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Science
THE MATERIAL WORLD
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Thursday 16:30-17:00
Quentin Cooper reports on developments across the sciences. Each week scientists describe their work, conveying the excitement they feel for their research projects.
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Listen to 18 May
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QUENTIN COOPER
Quentin Cooper
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Thursday 18 May 2006
ABBA, Eurovision winners in 1974
ABBA, Winners of the 1974 Eurovision Song Contest

Eurovision Song Contest

"Norway - nul points" may no longer be a regular occurance but might there have been some collaboration between member states of the Eurovision Song contest to keep Norway at the bottom of the pile?

Since the late 1980s, media observers have noticed that some pairs of countries routinely give high scores to each other. And there are suspicions that voting partnerships might now be turning into voting blocs. Are such phenomena statistically significant, or can be explained by chance? 

Quentin Cooper discusses voting alliances with Dr Derek Gatherer, author of a paper looking at the science behind the fabled voting collusions of Eurovision, and Dr Janet Efstathiou, Head of Manufacturing Systems Group at Oxford University’s Engineering Department, who has two students researching Eurovision. Could this herald the end of the Eurovision Song Contest as we know it?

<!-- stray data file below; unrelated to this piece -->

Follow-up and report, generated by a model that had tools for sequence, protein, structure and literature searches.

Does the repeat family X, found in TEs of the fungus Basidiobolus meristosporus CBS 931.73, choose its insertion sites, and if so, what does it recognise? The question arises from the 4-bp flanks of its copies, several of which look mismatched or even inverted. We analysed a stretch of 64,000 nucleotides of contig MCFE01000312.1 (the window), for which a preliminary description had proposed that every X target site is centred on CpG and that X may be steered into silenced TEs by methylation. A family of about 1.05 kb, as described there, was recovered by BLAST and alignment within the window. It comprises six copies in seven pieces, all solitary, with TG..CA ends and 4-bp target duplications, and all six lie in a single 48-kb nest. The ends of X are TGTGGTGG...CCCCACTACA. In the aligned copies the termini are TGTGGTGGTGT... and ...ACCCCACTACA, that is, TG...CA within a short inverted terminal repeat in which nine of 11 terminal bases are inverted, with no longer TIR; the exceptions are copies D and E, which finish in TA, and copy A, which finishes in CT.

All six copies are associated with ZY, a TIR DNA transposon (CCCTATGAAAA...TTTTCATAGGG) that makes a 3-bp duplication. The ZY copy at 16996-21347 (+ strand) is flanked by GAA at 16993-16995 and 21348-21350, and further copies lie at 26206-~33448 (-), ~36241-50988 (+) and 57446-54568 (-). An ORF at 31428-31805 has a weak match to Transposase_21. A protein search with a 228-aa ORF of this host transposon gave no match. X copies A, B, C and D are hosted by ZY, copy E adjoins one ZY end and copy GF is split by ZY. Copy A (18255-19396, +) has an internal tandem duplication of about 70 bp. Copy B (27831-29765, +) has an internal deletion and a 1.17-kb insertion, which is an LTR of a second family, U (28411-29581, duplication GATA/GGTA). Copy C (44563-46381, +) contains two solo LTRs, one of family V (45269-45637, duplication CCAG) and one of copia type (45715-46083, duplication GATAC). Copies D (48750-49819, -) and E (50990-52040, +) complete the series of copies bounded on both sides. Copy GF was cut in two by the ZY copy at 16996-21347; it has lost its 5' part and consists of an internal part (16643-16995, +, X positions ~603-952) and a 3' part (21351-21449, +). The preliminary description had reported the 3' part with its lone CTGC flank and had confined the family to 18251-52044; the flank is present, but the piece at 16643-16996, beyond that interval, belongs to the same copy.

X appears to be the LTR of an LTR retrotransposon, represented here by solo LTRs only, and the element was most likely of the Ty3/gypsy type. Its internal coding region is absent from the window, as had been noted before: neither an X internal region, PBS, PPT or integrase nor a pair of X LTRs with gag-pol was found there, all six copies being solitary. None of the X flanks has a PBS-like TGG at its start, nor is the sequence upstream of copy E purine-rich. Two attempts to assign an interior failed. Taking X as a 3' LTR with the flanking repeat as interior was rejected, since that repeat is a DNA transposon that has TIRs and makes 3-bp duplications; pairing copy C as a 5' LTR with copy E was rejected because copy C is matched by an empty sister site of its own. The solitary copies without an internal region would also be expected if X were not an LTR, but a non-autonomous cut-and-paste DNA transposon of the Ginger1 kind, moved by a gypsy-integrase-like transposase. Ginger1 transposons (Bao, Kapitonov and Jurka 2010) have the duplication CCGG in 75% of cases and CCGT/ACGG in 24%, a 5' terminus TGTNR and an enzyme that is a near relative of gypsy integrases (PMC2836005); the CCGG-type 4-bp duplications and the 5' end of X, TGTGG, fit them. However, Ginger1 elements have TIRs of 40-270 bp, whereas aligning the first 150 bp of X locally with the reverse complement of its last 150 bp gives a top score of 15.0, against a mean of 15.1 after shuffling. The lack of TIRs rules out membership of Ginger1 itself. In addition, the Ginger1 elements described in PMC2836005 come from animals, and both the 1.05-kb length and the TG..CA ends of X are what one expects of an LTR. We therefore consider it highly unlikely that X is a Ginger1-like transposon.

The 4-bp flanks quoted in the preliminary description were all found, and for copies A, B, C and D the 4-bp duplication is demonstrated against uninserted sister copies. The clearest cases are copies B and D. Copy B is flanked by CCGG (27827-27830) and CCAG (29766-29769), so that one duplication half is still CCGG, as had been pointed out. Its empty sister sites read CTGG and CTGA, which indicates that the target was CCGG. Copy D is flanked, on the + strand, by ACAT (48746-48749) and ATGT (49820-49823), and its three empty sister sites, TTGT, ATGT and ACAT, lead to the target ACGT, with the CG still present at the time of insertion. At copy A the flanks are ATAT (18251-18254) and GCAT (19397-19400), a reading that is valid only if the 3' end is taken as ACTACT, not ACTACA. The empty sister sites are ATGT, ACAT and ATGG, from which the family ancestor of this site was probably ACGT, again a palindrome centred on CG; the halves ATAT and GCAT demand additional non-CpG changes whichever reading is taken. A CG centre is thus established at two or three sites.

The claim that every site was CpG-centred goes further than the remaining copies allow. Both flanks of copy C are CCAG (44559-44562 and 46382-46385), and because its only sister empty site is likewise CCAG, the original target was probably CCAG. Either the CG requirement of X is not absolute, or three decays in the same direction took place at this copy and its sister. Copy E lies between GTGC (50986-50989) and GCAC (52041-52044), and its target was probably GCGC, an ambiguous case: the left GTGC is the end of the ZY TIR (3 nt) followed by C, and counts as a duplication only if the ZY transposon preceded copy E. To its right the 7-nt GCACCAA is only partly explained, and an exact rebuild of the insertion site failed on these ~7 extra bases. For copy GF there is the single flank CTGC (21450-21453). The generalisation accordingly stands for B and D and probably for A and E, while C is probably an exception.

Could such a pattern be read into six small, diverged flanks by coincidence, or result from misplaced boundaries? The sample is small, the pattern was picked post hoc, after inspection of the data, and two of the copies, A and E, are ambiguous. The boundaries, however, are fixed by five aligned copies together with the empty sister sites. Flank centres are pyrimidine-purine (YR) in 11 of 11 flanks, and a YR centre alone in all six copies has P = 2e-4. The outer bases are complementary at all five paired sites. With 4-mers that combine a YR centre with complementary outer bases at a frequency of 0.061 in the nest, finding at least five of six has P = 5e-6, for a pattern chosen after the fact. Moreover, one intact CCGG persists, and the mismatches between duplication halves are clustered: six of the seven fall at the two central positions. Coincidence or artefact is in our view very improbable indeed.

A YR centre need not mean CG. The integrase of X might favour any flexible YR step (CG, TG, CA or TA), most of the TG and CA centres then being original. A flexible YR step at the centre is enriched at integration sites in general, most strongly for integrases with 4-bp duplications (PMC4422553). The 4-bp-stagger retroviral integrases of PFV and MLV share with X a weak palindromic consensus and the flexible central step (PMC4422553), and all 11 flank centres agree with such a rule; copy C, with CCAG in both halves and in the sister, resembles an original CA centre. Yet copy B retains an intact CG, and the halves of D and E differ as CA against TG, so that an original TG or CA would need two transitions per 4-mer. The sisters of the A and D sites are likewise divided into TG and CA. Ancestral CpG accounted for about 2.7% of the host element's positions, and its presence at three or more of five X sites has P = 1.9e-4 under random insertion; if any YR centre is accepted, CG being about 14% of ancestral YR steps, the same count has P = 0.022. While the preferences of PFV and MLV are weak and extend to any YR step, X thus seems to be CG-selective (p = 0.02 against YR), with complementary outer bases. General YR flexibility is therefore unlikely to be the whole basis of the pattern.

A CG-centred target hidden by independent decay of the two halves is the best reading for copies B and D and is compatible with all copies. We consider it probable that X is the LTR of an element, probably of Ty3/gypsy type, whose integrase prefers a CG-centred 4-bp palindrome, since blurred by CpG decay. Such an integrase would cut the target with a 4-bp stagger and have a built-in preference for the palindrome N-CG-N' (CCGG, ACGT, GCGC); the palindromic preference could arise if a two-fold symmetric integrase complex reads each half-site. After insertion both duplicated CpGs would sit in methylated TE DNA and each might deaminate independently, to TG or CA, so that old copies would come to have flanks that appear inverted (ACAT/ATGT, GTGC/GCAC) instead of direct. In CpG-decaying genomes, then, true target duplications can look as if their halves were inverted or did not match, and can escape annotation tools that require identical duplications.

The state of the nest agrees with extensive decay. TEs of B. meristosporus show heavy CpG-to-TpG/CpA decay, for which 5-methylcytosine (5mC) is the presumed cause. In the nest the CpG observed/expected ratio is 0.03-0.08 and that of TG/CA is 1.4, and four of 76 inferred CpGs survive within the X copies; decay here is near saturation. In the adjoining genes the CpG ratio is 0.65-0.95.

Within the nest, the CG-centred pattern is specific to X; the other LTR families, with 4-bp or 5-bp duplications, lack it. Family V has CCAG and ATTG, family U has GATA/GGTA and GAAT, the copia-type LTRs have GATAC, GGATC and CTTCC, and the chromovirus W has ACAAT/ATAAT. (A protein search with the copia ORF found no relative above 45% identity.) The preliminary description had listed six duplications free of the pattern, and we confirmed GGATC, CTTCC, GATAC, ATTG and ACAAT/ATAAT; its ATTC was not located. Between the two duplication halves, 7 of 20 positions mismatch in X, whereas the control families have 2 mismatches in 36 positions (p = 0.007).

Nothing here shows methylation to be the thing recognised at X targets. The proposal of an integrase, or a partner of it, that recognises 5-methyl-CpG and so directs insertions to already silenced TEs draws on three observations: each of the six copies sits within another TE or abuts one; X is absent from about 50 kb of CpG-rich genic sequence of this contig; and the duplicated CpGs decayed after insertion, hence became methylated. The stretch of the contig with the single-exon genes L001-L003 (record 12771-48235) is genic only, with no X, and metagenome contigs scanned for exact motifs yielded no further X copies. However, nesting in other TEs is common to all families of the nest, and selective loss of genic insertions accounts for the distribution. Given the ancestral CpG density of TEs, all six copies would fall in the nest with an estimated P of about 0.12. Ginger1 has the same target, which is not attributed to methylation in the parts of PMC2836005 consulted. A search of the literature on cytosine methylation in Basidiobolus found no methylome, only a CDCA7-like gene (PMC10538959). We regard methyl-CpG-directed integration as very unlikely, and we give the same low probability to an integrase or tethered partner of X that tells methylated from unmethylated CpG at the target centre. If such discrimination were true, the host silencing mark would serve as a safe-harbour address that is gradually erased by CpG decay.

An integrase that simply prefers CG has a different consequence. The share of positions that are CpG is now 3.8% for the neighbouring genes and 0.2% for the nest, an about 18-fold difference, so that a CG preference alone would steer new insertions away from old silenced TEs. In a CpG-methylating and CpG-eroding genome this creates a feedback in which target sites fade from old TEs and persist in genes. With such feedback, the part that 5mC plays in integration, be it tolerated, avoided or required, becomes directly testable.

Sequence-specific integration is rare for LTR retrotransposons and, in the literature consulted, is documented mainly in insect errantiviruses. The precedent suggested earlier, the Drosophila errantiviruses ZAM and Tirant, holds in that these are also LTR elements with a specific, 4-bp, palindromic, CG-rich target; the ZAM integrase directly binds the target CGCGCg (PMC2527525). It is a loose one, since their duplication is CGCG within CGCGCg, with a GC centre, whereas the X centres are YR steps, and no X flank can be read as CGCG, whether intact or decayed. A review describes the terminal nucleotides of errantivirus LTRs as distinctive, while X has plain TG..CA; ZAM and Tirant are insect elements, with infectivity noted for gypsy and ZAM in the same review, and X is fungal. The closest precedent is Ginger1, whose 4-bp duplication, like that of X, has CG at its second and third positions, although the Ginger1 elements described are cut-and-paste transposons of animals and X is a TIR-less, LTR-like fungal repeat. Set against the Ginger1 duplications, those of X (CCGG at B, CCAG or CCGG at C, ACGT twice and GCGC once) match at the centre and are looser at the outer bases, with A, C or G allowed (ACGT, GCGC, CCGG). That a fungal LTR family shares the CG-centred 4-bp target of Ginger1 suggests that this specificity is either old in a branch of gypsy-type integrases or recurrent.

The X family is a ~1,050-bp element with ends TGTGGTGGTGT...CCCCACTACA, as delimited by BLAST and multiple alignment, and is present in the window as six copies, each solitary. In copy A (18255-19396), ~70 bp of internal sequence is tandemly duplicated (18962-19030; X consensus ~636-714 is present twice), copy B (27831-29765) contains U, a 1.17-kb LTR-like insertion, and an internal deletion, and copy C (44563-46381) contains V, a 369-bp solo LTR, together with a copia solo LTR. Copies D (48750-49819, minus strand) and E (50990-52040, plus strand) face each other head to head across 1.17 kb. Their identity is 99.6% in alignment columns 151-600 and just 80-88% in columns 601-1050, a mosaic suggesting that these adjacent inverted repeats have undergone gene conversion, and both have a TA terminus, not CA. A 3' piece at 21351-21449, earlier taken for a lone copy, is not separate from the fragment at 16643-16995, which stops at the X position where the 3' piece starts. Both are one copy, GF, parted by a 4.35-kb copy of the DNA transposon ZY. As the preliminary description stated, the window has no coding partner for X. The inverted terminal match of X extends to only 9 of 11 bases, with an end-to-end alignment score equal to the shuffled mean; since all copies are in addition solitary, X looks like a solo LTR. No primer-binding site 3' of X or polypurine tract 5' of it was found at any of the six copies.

Social Intelligence

In 1976, psychologist Nicholas Humphrey published the first paper on the social intelligence hypothesis, which suggests that intelligence might have evolved in response to the demands of social life. 

To mark the paper’s publication, next week the Royal Society is holding an event on social intelligence to discuss the developments of this theory over the last thirty years, and Quentin Cooper meets two of the conference’s speakers.

Professor Andrew Whiten, Professor of Evolutionary and Developmental Psychology, University of St. Andrews, describes the results of his research to show that primate communities pass on behaviours from generation to generation, giving rise to 'ape cultures'.

Professor Nicola Clayton, Professor of Comparative Cognition at Cambridge University, has found that members of the corvid family of birds display social intelligence by devising clever food stashing stratigies designed to outwit their peers.

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